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Introduction: The heavy, regular use of alcohol has been associated with significant morbidity and mortality, particularly in post-menopausal women. The consumption of high levels of alcohol has been associated with increased risk for breast, endometrial, and ovarian cancer. The risks associated with low to moderate alcohol consumption are much less clear. This may be due to differences in hormone replacement therapy or folic acid intake or to the difficulty associated with accurately assessing level of drinking. We hypothesize that high levels of alcohol use will be associated with a higher likelihood of developing breast, endometrial, and ovarian cancer and that folic acid intake will moderate the effect of alcohol on these cancers.
Design: The Women's Health Initiative Observational Study cohort consists of 93,717 post-menopausal women who were enrolled between September 1993 until December 1998, nationwide. To date, there have been 1,999 incident cases of breast cancer, 253 cases of endometrial cancer, and 188 cases of ovarian cancer among the women enrolled in this study. Data regarding the use of alcohol, dietary folic acid, and the use of folic acid supplements was collected on each participant at baseline and again at a followup visit. We propose to conduct a secondary data analysis of the effect of alcohol consumption and folic acid intake on the risk of developing these hormone-related cancers.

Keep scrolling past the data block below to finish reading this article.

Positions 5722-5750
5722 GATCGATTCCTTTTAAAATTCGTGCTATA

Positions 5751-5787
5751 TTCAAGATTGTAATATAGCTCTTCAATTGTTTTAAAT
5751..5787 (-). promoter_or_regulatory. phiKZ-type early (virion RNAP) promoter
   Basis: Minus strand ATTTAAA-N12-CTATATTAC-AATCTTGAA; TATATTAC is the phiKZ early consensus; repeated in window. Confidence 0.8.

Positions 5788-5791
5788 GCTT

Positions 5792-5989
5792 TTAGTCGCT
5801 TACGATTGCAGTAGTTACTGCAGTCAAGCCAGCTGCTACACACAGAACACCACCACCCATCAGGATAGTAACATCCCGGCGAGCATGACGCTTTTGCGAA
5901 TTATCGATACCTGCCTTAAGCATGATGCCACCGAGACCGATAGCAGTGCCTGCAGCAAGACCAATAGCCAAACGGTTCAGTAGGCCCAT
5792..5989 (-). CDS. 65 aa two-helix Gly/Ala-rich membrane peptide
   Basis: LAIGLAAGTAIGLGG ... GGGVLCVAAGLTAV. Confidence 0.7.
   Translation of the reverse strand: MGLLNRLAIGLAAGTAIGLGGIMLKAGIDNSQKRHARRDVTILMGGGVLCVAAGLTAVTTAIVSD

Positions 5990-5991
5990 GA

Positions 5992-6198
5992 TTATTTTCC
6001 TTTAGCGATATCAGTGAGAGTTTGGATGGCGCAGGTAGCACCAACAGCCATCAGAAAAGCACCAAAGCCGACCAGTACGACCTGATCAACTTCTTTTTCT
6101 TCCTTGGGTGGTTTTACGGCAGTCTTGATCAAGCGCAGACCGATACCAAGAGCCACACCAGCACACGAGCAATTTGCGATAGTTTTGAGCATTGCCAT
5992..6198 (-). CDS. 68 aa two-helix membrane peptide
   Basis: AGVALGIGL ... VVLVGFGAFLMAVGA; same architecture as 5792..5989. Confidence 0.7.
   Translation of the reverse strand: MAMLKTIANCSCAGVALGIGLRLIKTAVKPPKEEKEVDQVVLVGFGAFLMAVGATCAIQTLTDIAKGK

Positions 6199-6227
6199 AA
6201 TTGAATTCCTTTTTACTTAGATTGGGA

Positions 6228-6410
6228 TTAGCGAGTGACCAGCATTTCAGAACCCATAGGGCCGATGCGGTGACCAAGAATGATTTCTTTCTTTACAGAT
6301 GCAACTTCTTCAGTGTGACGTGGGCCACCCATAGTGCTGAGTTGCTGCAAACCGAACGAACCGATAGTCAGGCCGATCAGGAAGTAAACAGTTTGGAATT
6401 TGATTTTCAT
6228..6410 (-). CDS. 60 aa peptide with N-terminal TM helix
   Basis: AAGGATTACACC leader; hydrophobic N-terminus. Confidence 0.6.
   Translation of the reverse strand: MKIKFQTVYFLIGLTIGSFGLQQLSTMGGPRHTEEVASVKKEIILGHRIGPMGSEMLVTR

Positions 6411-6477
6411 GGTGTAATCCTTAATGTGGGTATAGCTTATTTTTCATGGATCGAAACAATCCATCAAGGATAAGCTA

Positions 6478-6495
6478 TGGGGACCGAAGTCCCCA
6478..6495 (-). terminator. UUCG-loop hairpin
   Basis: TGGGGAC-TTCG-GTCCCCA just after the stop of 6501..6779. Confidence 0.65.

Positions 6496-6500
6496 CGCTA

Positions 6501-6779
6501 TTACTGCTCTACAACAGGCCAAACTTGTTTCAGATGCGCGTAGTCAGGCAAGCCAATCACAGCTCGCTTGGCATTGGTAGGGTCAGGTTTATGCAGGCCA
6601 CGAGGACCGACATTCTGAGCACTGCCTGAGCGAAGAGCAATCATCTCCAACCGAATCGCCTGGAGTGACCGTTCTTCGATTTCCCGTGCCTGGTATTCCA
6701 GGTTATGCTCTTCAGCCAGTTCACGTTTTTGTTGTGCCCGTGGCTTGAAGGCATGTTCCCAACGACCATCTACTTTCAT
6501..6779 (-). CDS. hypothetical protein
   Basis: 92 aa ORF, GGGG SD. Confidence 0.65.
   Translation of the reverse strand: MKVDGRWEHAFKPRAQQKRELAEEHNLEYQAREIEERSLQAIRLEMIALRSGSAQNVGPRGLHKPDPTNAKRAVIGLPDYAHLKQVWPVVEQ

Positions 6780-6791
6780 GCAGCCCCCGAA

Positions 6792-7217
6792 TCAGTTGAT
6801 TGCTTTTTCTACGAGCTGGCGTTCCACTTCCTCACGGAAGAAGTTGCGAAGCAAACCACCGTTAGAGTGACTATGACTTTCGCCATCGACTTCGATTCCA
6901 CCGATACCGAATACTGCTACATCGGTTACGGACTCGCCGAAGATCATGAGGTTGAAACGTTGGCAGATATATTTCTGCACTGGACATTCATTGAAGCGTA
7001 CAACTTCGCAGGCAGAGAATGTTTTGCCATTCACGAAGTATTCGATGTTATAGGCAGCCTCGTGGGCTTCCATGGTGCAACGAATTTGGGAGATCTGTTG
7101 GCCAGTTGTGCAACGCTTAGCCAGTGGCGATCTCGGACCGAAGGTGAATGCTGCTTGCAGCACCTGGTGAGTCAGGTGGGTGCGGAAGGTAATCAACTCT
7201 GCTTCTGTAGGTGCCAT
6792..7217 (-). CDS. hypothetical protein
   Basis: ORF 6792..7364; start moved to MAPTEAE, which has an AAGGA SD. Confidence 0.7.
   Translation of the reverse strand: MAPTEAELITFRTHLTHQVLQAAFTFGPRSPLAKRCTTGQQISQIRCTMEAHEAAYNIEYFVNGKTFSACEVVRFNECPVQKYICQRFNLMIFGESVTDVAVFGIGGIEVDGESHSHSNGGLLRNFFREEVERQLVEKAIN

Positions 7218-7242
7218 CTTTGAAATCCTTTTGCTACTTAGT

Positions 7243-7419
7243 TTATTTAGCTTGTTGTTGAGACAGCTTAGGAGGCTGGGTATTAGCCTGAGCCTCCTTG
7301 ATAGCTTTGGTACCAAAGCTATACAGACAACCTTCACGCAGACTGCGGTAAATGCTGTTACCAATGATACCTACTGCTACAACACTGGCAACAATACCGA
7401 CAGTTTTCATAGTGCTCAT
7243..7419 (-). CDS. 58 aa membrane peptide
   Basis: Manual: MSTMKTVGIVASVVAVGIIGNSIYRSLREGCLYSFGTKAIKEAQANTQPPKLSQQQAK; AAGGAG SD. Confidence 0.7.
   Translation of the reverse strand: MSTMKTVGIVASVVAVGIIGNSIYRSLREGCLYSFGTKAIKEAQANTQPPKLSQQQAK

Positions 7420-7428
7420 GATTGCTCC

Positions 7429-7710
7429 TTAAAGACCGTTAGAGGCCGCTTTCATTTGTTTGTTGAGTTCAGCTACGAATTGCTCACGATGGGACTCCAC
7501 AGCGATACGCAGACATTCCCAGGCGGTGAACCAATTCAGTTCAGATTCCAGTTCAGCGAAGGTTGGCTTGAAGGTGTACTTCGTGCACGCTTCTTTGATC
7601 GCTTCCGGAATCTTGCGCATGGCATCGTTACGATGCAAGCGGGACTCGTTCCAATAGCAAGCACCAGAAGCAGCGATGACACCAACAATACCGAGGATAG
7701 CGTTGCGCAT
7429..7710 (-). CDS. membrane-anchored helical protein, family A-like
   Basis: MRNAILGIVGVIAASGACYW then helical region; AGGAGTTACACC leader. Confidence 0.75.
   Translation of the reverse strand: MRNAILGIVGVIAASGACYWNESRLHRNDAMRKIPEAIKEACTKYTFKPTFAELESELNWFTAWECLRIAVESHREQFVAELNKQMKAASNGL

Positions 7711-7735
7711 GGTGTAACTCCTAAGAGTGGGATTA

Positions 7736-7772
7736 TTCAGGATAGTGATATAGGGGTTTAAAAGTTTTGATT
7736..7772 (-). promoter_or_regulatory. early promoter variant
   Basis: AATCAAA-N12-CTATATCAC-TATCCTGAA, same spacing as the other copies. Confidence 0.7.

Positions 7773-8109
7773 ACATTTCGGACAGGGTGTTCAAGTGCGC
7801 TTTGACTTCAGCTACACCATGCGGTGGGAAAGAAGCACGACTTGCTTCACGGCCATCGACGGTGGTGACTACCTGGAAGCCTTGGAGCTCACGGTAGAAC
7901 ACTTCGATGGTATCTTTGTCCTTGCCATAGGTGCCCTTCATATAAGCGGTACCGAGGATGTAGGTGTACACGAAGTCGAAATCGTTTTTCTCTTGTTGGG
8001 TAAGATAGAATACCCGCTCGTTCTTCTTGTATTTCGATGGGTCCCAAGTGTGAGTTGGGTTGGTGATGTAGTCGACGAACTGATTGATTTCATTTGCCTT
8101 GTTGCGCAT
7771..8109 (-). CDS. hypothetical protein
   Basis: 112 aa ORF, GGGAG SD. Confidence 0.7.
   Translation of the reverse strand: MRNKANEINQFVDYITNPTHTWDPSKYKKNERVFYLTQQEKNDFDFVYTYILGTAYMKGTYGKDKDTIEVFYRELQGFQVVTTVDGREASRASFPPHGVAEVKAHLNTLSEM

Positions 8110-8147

Conclusions: Breast cancer now ranks second in cancer deaths among United States' women and is a leading cause of morbidity. While the incidence of endometrial cancer is not as high, and because of early detection, mortality rates are low, endometrial cancer resulted in over 6,500 deaths in 2001. Ovarian cancer, though much less common, is associated with a very high mortality rate (approximately 50% for all stages) because it is often not detected until late stage. The Women's Health Initiative database provides a unique opportunity to explore the relationship of alcohol and folic acid intake with hormone-related cancers in post-menopausal women.
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